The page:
Police chiefs appeal for drugs review

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TWO SENIOR police officers yesterday stepped up their calls for the decriminalisation of drugs, but any relaxation of the law was immediately ruled out by the Prime Minister.

Keith Hellawell, Chief Constable of West Yorkshire, and Raymond Kendall, secretary-general of Interpol, both said they backed decriminalisation.

Mr Hellawell - who has called before for soft drugs to be decriminalised but not legalised - said this position was now the policy of the Association of Chief Police Oficers.

He told the association's national drugs conference in Wakefield, West Yorkshire, that drug use in large areas of Britain has been in effect decriminalised. More than half of the first-time offenders who took soft drugs, mainly cannabis, escaped prosecution and were cautioned.

Mr Kendall, a former Scotland Yard detective, said: 'If someone is caught with drugs they should be treated, not convicted. The difference between hard and soft drugs is a smokescreen - I don't see any difference between them.'

Mr Hellawell said British police forces could not support such an approach and legalisation of drugs was 'not on the agenda'. He is currently studying the effects of the greater use of cautioning and is due to report back to the association later this year.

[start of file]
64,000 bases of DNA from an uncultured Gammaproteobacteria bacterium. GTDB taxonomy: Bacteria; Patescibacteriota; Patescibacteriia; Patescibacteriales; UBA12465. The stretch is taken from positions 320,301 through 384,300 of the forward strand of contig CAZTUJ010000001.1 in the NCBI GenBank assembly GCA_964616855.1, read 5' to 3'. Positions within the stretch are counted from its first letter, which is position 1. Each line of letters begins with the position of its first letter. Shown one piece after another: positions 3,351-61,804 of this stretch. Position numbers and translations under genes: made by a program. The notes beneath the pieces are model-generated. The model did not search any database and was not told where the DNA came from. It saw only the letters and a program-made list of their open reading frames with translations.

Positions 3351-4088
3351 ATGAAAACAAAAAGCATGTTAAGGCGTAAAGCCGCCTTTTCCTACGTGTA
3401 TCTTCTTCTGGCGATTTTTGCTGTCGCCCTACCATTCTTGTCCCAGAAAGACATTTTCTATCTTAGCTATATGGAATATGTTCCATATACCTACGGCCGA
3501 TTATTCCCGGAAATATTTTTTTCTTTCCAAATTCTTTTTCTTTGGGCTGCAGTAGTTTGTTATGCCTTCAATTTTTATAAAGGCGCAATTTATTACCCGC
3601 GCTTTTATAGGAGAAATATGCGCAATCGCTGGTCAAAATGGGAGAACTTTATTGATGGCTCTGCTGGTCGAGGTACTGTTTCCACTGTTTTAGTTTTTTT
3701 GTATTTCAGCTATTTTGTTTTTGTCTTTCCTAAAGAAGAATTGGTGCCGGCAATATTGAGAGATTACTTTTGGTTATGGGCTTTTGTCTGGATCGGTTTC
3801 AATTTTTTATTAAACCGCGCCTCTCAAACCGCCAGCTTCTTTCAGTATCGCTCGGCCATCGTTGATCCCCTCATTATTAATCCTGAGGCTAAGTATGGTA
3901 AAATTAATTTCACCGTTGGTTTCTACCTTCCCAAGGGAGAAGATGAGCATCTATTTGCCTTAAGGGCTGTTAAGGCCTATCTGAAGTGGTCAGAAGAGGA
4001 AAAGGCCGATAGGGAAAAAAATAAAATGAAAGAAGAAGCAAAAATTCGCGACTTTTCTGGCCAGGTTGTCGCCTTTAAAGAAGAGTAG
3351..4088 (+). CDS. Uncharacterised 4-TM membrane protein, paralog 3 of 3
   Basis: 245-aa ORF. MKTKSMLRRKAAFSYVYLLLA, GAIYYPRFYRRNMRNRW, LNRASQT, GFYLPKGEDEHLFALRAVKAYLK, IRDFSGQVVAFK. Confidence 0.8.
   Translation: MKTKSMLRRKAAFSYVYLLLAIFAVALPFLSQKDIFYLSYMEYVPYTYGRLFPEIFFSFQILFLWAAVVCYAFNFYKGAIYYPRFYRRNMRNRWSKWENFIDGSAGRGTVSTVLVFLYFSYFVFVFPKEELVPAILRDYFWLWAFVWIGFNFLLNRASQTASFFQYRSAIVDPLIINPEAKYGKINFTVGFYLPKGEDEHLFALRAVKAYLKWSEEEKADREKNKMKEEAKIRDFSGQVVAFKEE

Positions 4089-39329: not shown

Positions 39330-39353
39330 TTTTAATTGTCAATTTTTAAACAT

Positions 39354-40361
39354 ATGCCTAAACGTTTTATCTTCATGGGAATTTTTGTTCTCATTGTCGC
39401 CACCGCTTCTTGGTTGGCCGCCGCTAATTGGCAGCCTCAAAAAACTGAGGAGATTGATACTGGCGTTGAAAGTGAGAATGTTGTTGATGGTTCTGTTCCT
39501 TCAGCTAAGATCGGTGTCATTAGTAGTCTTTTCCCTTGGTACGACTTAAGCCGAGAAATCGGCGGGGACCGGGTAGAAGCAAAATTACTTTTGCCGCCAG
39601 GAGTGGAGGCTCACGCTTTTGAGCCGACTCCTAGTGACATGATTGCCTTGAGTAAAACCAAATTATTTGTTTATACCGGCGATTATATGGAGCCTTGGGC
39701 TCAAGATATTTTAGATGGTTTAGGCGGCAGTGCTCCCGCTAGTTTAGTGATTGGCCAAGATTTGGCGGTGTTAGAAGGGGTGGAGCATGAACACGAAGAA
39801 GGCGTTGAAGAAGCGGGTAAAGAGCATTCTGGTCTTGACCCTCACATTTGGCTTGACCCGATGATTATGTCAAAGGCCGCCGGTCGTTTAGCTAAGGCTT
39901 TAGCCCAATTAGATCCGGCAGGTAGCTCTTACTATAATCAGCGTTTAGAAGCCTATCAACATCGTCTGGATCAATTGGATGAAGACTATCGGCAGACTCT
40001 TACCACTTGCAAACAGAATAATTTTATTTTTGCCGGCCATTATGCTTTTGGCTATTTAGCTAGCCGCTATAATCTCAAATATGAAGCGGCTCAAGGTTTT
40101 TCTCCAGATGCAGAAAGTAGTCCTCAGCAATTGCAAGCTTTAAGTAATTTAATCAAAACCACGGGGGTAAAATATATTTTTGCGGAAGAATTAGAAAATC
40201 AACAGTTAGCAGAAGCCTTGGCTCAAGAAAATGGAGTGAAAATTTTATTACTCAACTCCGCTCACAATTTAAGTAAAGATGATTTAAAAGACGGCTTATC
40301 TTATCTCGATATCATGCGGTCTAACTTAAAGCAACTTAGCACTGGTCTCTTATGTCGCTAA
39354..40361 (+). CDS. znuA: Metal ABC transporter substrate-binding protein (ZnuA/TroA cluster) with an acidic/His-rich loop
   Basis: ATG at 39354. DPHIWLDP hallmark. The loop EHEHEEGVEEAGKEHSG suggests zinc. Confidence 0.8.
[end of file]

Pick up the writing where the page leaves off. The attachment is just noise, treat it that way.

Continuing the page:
Mr Kendall told BBC Radio 4's World at One programme that he supported the decriminalisation of all drug use.

'I am in favour of decriminalisation but not in favour of legalisation,' he said. 'I think we should accept the reality of the situation . . . that there are many, many drug users who are living in a situation of illegality already.

'Since they cannot be brought into the justice system and the police are simply cautioning generally the average cannabis user, we have a situation that says most of these people are not being dealt with by the law, which is not a healthy situation.'

These views were countered by John Major, who said during a visit to Cleveland that he was completely opposed to the decriminalisation of soft drugs. 'I don't believe that is right,' he said.

'I understand why some people approach the problem from that angle but I profoundly disagree with it. I fear that if you make it acceptable for people to have drugs, they will find it acceptable and they will move from soft drugs to hard drugs, so I don't at all personally favour decriminalisation.'

Lord Mancroft, a Conservative peer and drugs campaigner, who addressed the Acpo conference, said drugs should be sold on the high street in narcotics 'off- licences'. Lord Mancroft, a member of the All-Party Misuse of Drugs Group, called for the legalisation of drugs to combat the growing black market.

He said: 'The black market in drugs is fuelled by money, so the first step must be to remove the profit.

'By supplying drugs to those who really want them through government-controlled outlets, a sort of cross between an off-licence and a chemist, at a realistic price, the need to purchase from the black market is eliminated.'

He added: 'The great majority of cannabis users encounter negligible problems . . . Using the criminal law as a means to prohibit the use of drugs has failed.'

The Home Secretary, Michael Howard, will address the conference today and reaffirm the Government's opposition to decriminalisation. He will emphasise its commitment to tackling the problem at source by curbing supply and demand.